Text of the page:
In Rape: A Crime Report, 1984, viewers enter a room filled with a maze of sheer cotton organdy panels on which simple declarative sentences are exposed using the cyanotype photographic process. Sentences that begin with “He” or “She” are a distillation of multiple accounts gathered through interviews and research by Fessler, and refer to the psychological state of both the woman and man involved. “He said it was her fault for not locking the door.” “She was more afraid for her children in the next room.” The sentences are printed at varying heights on the semi-transparent fabric, allowing viewers to see through one cloth to the next, but the specific words are hazy, and as viewers move closer to read them and find themselves entangled deeper in the maze.
Viewers eventually find one panel with text written with white light rather than blue, where the sentences are constantly changing. Identified as either myths or facts, the sentences are projected onto the cloth from a hidden projector. They describe both culturally accepted myths about rape, and statistics from the local community where the installation is on view. They expose not only the incidence of rape within a given community, but the lack of political will to address the issue, leaving viewers to ponder which of the two is the crime being referenced in the title.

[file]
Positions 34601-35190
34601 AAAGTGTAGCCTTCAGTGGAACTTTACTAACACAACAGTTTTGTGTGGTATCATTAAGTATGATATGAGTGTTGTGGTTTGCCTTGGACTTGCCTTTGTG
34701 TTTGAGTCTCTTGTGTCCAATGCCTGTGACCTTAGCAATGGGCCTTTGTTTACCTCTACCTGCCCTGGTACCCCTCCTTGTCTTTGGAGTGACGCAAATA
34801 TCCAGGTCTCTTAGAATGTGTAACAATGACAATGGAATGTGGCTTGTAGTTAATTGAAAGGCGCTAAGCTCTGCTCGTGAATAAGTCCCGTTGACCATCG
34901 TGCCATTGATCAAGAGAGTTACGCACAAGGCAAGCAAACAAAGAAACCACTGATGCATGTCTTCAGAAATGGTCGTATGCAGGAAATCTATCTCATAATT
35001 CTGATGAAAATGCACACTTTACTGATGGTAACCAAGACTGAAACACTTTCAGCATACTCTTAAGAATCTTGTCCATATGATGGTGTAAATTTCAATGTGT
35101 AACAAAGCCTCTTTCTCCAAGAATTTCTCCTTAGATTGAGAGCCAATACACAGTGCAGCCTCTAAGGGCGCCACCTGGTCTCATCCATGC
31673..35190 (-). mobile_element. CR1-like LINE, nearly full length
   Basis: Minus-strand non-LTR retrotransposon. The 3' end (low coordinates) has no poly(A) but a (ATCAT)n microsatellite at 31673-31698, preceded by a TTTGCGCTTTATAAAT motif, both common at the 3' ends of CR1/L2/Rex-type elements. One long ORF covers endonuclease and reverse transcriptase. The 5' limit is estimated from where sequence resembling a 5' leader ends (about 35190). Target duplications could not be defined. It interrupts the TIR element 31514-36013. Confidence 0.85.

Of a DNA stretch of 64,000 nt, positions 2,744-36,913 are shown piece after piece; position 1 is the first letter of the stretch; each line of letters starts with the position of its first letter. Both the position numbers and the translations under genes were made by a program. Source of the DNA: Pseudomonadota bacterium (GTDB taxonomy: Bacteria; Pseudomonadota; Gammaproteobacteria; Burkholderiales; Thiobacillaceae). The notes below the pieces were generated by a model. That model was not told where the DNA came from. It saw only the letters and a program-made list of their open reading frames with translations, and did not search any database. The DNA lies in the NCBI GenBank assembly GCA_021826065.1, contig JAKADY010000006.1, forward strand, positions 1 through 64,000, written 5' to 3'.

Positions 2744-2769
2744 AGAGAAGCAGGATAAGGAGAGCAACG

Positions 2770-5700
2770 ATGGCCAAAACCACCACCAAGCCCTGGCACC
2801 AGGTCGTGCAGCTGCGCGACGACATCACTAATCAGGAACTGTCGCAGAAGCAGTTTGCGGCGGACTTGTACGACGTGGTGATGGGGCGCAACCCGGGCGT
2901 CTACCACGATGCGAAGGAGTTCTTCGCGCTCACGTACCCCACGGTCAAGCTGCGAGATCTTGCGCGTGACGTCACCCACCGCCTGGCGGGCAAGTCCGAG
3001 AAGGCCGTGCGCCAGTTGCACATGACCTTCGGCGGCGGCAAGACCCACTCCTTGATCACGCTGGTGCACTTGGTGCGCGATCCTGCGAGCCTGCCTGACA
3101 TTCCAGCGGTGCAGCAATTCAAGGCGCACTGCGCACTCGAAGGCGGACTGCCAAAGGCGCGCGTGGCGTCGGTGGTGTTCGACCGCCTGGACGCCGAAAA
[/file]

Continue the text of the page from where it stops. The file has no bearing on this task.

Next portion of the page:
Continue reading Description
Finished reading Description
Rape: A Crime Report, installation by Ann Fessler, 1984
Medium: 9 cotton organdy panels with cyanotype printed text; 1 blank text panel; projected text containing site-specific facts and myths about rape
Documentation includes images from History as Content at Washington Project for the Arts, Washington, DC, 1984 and Rape, Hoyt Sherman Gallery, Ohio State University, Columbus, Ohio, 1985.
Rape: A Crime Report was initially exhibited at Washington Project for the Arts, Washington, DC, in History as Content, curated by Helen Brunner. The installation included two rooms; a living room with a couch and television, and a bedroom with the cloth panels and a bed stripped bare of its sheets. The statistics faded in and out on the TV in the living room. Fessler, a Baltimore resident at the time of the exhibition, chose to feature Baltimore statistics. Later, the installation traveled without furniture, and the statistics were projected onto a cloth panel and updated, when possible, to reflect those of the local community.
In 1985, Rape: A Crime Report was included in the groundbreaking Rape exhibition at the Hoyt Sherman Gallery at Ohio State University. Curated by Stephanie K. Blackwood, the exhibition was dedicated to the memory of Ana Mendieta and included the work of Jerri Allyn, Ida Applebroog, Sue Coe, Nancy Spero, and others. A catalog with essays by Arlene Raven and Susan Caringella-MacDonald accompanied the exhibition as it traveled to sites around the United States under the auspices of Opportunities for the Arts, Inc.
Continue reading Information
Finished reading Information